In Burma, Another Round of Ethnic Unrest Threatens Fragile Reforms

Over the past few days, violence between the Arakanese (or Rakhine) and Rohingya communities erupted again in the country’s far west, leaving at least 56 dead, according to an Arakan state official’s estimate.

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Soe Zeya Tun / Reuters

A woman stands by her brother, who was injured during the recent sectarian violence, at a hospital in Kyuktaw township, Oct. 25, 2012.

These days, flights to Burma are filled with wide-eyed tourists and foreign investors keen to profit from a hot new frontier market. But one notable exception to this year’s promising Burmese narrative is the ethnic violence that is one of the most intractable problems facing the country’s young hybrid civilian-military government. Over the past few days, violence between the Arakanese (or Rakhine) and Rohingya communities erupted again in the country’s far west, leaving at least 56 dead, according to an Arakan state official’s estimate. (State media on Friday put the death toll at 12.) In June, scores were killed and more than 70,000, mostly Rohingya, were left homeless in another bloody spasm in Arakan state. Many remain without shelter today, living in the most basic of refugee camps.

The bloodshed has polarized Burma, which is officially known as Myanmar. Some people from Burma’s ethnic Bamar (or Burman) nationality, which shares a Buddhist faith with the Arakanese, accuse the Muslim Rohingya of being recent illegal immigrants from nearby Bangladesh. They contend that the Rohingya, most of whom do not have Burmese citizenship, should be deported. The Bangladeshi government also refuses most members of the 800,000-strong community citizenship. When I was in Sittwe, the capital of Arakan state earlier this year, Arakanese told me they felt that the Rohingya were waging a kind of fertility war by procreating more prolifically than the local Buddhist population.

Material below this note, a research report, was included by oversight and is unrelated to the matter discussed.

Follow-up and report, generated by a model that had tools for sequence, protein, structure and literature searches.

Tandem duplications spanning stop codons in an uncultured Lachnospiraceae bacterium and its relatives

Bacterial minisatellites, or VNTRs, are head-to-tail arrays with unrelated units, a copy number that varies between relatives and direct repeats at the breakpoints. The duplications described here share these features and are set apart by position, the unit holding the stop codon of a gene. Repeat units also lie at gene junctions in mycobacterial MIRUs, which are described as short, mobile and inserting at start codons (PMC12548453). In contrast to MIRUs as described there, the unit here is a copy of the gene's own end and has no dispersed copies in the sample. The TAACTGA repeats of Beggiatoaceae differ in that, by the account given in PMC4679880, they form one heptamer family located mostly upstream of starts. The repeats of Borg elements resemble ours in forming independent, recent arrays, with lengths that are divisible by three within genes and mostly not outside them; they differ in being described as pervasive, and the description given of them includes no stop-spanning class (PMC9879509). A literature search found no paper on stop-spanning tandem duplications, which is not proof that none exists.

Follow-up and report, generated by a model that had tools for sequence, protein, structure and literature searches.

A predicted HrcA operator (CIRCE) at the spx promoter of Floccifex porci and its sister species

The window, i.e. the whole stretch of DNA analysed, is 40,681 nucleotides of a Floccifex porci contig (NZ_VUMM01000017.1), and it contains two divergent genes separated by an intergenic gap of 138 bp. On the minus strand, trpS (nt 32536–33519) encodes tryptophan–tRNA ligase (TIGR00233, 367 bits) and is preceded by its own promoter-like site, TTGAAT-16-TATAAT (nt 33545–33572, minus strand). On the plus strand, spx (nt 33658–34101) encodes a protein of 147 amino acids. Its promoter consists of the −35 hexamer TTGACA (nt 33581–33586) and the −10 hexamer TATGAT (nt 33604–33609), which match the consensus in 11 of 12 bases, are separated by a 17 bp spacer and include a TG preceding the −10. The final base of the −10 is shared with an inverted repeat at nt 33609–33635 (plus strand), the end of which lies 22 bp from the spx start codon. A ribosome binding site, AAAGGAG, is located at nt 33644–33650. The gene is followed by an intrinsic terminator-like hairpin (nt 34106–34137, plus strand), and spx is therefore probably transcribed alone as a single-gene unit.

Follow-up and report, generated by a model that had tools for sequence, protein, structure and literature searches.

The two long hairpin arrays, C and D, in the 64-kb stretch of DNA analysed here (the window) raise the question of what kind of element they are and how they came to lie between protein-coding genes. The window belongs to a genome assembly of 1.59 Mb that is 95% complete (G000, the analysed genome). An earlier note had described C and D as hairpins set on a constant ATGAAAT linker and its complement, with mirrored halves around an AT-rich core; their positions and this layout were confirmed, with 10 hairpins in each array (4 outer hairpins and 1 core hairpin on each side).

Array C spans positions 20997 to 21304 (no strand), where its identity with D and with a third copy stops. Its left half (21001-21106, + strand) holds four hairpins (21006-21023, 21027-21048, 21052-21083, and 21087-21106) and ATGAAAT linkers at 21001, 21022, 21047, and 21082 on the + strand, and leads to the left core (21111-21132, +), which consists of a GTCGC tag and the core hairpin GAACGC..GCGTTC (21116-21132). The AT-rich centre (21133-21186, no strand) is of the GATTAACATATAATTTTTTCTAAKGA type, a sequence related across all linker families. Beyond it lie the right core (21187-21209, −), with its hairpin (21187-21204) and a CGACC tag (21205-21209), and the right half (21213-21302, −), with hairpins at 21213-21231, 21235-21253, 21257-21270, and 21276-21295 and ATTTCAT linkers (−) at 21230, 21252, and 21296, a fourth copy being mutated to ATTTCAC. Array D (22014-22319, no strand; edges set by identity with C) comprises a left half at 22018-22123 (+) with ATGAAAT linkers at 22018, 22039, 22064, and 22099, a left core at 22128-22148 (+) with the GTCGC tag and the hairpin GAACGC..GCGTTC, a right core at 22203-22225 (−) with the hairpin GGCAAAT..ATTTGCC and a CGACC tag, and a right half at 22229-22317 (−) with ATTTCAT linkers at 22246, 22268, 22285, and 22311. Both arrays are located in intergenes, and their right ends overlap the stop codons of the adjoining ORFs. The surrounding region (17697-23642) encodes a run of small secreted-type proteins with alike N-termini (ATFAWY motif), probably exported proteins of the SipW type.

The Rohingya counter that most of their population has lived in Arakan for generations and that they were unfairly stripped of their citizenship by a controversial 1982 law passed by the country’s long-running military regime.  During their nearly half a century in power, the generals that ruled Burma until last year were particularly repressive toward the at least one-third of the nation that is composed of ethnic minorities. Both the Rohingya and the Arakanese were marginalized by the Bamar junta. But the United Nations has labeled the Rohingya one of the world’s most oppressed minorities. Thousands of Rohingya have fled Arakan on crowded boats to eke out precarious lives as undocumented workers elsewhere in Asia.

(MORE: Treatment of Muslim Rohingya Minority Shows Burma Has a Long Way to Go)

President Thein Sein, a retired general who has introduced a series of reforms in one of the world’s most closed societies, has stated that the Rohingya are not Burmese nationals. Earlier this month, the Burmese President prevented the Organization of the Islamic Conference from opening up offices in Burma, after Buddhist clerics protested the Muslim body’s proposed entry into the country. Even Burma’s democracy icon Aung San Suu Kyi has tended to shy away publicly from the ethnic issue, although while on a trip to the U.S. last month she did address the fragile state of Burmese ethnic unity: “We have to learn to live together as a union. We had great hopes that our diversity would be our strength. Those hopes have not been realized. We owe it to the world, to all those who have supported us, to make that change.”

The latest violence struck at least four townships in Arakan. Unconfirmed pictures of flames engulfing the Muslim section of Kyaukphyu town circulated on Facebook, which is very popular among Burma’s small wired population. Kyaukphyu, on an island off the Arakan coast, is the starting point of the controversial Shwe energy pipeline project that will feed China. The project has angered Arakan locals because much of the state is without electricity, even though rich natural-gas reserves are located just offshore. A special economic zone is being planned for Kyaukphyu, which will include a deep-sea port for ships from the Middle East to disgorge oil and send it by land to China, thereby allowing Beijing to avoid the pirate-plagued Malacca Strait. Last week, local authorities announced that they would be opening tenders for foreign investors to bid on future Kyaukphyu projects. Much of current overseas investment in the area comes from South Korea, China and India.